The 9/11 Palestinian street celebrations were independently reported by Reuters, the Los Angeles Times, and The Jerusalem Post, who's photographer's were threatened for capturing the images. The snopes.com link to Reuters is broken, the LA Times link requires free registration first, and the Post's link displays the current issue (from there you'll have to search).
The Center for the Scientific Investigation of the Paranormal (CSICOP) also offers a statement on this subject.
Prophecy From a Folded $20 - This hoax claims that folding a $20 bill, as demonstrated, produce pictures of the attack on the World Trade Center and Pentagon - predicting the events of 9/11. This is a hoax. Although this is an interesting exercise, it wasn't contrived until nine months after 9/11... predictions happen BEFORE the event.
- September 11 Warning from Afghani Boyfriend
- Putting Words in Nostradamus' Mouth
- Everything Adds Up to Eleven
- UFO Seen in Sky Above Burning Trade Center Towers
- Wingdings Font Applied to "Q33 NY"
- Klingerman Virus - The Sequel
- Although the Committee for the Scientific Investigation of the Paranormal (CSICOP) usually investigates UFOs, they devote a section of their web site to debunking September 11 hoaxes. Sections include: Charity Scams, Nostradamus, Coincindences (everything adds up to eleven), Strange Images, Misinformation, Psychics, Fonts & Fools, Bogus Biohazards.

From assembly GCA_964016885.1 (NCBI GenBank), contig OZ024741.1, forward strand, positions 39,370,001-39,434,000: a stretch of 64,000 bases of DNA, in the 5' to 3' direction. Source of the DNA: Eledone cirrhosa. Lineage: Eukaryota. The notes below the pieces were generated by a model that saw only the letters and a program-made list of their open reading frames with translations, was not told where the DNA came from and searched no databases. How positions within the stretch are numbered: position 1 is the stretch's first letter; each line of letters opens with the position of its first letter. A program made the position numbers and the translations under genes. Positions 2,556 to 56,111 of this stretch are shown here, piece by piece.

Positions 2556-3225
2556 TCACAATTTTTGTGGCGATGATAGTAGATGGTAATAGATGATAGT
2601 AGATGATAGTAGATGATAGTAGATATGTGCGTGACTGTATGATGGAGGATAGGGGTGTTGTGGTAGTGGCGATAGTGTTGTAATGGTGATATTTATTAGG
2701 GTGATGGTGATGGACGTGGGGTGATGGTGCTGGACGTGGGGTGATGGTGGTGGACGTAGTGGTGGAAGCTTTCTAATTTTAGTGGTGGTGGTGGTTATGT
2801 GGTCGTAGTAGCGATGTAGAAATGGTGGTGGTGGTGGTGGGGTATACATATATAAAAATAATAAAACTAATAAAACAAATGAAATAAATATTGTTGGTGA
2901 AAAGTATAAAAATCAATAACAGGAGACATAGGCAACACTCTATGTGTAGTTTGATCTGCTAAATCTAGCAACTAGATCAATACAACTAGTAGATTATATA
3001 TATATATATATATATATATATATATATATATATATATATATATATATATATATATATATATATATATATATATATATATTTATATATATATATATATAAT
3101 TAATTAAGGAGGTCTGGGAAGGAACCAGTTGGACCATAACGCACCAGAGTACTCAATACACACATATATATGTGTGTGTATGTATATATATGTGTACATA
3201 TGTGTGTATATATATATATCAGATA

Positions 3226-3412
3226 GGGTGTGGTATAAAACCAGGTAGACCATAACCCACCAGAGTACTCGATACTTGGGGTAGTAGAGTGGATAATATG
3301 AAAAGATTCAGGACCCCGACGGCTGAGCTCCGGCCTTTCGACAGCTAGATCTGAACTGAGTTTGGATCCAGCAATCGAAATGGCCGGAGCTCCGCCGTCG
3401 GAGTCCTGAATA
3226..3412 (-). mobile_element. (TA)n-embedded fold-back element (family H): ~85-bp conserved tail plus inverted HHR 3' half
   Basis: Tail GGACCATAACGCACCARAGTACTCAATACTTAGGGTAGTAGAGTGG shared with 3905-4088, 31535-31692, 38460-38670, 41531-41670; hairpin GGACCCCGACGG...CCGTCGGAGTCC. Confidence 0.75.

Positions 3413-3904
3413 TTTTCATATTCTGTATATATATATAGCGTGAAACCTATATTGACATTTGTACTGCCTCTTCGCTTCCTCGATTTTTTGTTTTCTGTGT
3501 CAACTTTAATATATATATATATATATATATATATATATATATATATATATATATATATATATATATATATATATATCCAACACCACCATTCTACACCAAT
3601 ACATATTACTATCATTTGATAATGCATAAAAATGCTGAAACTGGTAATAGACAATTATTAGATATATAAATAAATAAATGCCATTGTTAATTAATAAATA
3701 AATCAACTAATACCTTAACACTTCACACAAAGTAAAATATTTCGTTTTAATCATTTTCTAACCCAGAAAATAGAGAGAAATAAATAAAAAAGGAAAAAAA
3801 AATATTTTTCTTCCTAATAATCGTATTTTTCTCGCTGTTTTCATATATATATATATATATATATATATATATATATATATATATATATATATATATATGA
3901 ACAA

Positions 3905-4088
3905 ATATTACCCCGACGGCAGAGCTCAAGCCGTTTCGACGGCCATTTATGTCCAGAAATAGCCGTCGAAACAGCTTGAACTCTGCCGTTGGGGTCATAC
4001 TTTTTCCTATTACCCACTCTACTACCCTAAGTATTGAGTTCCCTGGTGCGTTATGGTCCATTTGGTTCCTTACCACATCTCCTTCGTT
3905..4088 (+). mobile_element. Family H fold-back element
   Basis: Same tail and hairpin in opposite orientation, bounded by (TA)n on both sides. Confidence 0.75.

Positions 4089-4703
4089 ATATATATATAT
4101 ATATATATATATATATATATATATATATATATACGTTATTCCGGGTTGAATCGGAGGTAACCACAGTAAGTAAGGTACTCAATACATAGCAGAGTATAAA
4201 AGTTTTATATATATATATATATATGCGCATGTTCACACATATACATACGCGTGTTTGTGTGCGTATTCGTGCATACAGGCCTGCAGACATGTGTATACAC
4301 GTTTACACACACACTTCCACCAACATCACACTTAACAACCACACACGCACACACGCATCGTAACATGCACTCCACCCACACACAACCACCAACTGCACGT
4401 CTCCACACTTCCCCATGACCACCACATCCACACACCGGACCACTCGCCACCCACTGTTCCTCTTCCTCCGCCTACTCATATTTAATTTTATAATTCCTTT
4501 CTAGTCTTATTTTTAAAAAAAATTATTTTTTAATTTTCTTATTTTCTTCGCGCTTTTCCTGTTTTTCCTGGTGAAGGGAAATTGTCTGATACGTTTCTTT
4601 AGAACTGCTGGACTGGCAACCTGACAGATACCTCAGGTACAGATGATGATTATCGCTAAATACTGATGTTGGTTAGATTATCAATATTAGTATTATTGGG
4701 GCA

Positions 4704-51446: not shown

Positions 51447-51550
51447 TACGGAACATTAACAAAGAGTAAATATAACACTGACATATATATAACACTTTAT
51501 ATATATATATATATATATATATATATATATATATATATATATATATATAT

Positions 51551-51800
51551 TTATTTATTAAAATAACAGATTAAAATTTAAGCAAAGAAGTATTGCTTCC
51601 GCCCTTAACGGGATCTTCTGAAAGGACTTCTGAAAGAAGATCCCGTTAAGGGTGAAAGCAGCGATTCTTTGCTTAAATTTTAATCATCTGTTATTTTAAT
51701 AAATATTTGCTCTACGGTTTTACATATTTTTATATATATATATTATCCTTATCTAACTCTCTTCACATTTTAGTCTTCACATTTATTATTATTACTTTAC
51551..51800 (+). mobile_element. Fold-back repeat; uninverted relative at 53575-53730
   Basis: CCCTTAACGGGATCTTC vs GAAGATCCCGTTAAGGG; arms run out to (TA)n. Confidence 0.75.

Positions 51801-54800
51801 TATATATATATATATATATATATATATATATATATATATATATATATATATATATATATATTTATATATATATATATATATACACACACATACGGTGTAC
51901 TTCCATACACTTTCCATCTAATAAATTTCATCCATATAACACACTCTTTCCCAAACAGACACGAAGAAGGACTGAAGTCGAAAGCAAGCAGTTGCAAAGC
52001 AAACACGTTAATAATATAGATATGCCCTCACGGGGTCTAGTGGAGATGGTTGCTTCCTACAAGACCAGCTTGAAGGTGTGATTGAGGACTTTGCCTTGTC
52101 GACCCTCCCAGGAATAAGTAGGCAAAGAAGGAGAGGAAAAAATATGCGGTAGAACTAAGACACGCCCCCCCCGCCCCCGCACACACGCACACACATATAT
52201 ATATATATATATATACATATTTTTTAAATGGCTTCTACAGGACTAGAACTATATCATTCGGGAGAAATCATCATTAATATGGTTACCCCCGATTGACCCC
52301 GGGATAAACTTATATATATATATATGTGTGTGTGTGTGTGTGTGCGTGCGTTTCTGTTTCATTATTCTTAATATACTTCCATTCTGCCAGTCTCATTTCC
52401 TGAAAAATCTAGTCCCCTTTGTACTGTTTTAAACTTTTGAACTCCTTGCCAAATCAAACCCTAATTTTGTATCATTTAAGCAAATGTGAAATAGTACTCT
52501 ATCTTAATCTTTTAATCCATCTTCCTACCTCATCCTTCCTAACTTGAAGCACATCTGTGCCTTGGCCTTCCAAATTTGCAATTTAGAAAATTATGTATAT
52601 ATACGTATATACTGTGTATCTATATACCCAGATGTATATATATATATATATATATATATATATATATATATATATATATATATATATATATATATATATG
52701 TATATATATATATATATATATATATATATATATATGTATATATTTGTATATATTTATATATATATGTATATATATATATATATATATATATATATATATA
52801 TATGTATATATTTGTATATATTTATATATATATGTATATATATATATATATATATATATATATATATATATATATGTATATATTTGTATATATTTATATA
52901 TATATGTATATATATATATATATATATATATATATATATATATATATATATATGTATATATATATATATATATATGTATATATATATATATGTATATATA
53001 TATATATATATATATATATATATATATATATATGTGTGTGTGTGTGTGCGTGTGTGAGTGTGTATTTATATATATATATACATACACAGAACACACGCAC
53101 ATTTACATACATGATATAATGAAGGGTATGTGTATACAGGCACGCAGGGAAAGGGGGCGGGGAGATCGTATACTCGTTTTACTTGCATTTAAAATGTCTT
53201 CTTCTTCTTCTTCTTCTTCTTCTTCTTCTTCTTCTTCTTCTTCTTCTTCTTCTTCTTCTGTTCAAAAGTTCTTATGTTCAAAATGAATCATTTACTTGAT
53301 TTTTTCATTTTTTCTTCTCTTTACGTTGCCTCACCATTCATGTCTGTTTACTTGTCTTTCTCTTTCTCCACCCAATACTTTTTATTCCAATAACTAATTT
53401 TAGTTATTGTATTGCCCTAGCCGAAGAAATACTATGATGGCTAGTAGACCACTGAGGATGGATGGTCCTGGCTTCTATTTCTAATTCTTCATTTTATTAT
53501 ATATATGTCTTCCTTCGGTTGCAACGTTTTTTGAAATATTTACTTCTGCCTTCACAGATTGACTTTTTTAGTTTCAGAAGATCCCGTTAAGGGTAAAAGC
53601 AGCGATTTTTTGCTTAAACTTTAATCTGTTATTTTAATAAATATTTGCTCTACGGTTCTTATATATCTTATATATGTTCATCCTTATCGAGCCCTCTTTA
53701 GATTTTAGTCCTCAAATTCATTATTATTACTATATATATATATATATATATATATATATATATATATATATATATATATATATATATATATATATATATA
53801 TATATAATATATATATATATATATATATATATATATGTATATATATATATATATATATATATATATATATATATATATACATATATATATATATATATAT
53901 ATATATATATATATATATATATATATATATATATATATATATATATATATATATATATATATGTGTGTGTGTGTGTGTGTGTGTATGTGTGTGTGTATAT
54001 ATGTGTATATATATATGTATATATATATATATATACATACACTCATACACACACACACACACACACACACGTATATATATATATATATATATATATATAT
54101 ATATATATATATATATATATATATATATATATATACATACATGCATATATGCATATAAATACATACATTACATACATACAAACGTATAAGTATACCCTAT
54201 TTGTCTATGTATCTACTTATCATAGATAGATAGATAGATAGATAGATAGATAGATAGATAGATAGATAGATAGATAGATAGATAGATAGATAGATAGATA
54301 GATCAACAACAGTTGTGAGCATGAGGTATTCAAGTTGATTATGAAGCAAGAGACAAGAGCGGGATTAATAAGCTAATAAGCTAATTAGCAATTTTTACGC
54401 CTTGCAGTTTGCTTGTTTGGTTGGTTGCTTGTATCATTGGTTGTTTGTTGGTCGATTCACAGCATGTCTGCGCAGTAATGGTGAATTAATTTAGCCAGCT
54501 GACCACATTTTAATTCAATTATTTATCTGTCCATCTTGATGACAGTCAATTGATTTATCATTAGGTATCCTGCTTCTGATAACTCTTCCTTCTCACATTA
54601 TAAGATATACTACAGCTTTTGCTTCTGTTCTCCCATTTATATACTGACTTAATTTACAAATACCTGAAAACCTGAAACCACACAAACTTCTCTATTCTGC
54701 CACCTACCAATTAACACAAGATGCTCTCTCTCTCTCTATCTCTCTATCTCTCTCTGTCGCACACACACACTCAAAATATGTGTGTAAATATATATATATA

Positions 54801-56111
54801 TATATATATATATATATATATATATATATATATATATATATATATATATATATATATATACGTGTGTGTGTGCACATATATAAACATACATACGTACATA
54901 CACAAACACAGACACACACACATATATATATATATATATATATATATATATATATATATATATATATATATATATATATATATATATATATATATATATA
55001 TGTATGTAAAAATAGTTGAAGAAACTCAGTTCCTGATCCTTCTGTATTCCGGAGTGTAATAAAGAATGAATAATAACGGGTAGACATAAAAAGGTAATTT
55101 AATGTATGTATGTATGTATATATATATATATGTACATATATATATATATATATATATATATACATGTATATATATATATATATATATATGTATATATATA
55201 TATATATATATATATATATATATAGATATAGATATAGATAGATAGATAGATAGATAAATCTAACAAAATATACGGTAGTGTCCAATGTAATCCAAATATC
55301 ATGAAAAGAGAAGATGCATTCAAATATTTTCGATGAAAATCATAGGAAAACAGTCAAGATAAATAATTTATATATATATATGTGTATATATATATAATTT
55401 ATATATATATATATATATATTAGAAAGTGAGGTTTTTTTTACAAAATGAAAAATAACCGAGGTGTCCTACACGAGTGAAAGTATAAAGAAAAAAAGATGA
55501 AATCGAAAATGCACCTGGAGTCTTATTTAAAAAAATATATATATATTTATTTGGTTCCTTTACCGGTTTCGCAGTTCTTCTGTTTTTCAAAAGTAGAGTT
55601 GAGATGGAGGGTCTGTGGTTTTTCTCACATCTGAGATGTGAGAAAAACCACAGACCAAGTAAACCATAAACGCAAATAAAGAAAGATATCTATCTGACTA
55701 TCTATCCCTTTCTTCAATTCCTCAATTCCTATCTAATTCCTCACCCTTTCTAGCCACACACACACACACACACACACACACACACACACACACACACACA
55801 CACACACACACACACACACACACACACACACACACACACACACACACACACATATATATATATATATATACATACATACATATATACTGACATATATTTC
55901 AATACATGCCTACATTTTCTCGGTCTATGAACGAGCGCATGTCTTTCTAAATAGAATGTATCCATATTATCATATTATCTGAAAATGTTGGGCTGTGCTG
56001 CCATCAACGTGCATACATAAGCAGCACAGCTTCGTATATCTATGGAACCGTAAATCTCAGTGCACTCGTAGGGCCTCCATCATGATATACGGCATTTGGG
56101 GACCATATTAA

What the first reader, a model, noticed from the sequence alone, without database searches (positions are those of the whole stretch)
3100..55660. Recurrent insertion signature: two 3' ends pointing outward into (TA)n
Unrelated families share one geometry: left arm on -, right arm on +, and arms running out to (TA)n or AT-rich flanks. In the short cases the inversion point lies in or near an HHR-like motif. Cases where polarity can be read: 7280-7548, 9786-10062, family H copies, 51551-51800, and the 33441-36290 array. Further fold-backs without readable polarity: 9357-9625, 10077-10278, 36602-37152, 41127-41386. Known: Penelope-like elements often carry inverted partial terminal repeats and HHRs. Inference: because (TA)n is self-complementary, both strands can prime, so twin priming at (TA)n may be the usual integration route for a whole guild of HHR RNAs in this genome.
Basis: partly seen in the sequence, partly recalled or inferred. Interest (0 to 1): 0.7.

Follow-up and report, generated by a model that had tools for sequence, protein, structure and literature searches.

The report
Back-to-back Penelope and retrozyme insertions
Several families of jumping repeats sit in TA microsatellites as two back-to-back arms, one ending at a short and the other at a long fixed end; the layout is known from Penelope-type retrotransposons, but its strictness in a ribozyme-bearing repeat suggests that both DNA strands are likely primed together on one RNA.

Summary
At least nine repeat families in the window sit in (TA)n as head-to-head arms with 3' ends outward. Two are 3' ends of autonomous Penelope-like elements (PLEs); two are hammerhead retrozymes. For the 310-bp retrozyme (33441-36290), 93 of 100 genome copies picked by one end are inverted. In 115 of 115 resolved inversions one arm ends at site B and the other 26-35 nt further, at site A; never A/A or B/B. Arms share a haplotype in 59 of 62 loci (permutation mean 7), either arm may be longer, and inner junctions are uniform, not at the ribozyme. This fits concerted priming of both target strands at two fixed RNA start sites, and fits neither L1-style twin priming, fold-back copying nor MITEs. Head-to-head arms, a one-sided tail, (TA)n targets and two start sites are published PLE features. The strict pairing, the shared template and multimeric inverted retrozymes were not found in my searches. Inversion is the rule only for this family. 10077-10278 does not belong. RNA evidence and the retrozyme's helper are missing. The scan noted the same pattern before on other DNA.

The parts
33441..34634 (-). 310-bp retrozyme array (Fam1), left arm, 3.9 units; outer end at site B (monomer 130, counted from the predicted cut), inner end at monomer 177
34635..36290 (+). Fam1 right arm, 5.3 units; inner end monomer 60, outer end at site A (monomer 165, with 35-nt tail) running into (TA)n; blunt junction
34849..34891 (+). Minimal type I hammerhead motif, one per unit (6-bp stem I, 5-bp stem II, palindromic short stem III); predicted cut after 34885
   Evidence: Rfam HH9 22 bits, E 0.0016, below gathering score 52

Based on Fact
Satan's Face in Smoke of WTC - A photo of the burning WTC before it's collapes supposedly shows the face of Satan in the smoke. While the face is there if you want to see it, the photo is authentic. CIAC includes links to the photographer's web site where the photo is viewable.
Check out CSICOP's Hoax Watch for this and other strange photos.
See also True Hoaxes for September 11-related items that turned out to be true.
MacWizard > Frauds, Scams & Hoaxes Home > Contents & Index > Hoaxes & Myths > September 11 Hoaxes & Rumors
Do You Have Comments or Questions? Click Here Report Broken Links to WebMaster © 2003 PullmanUSA.net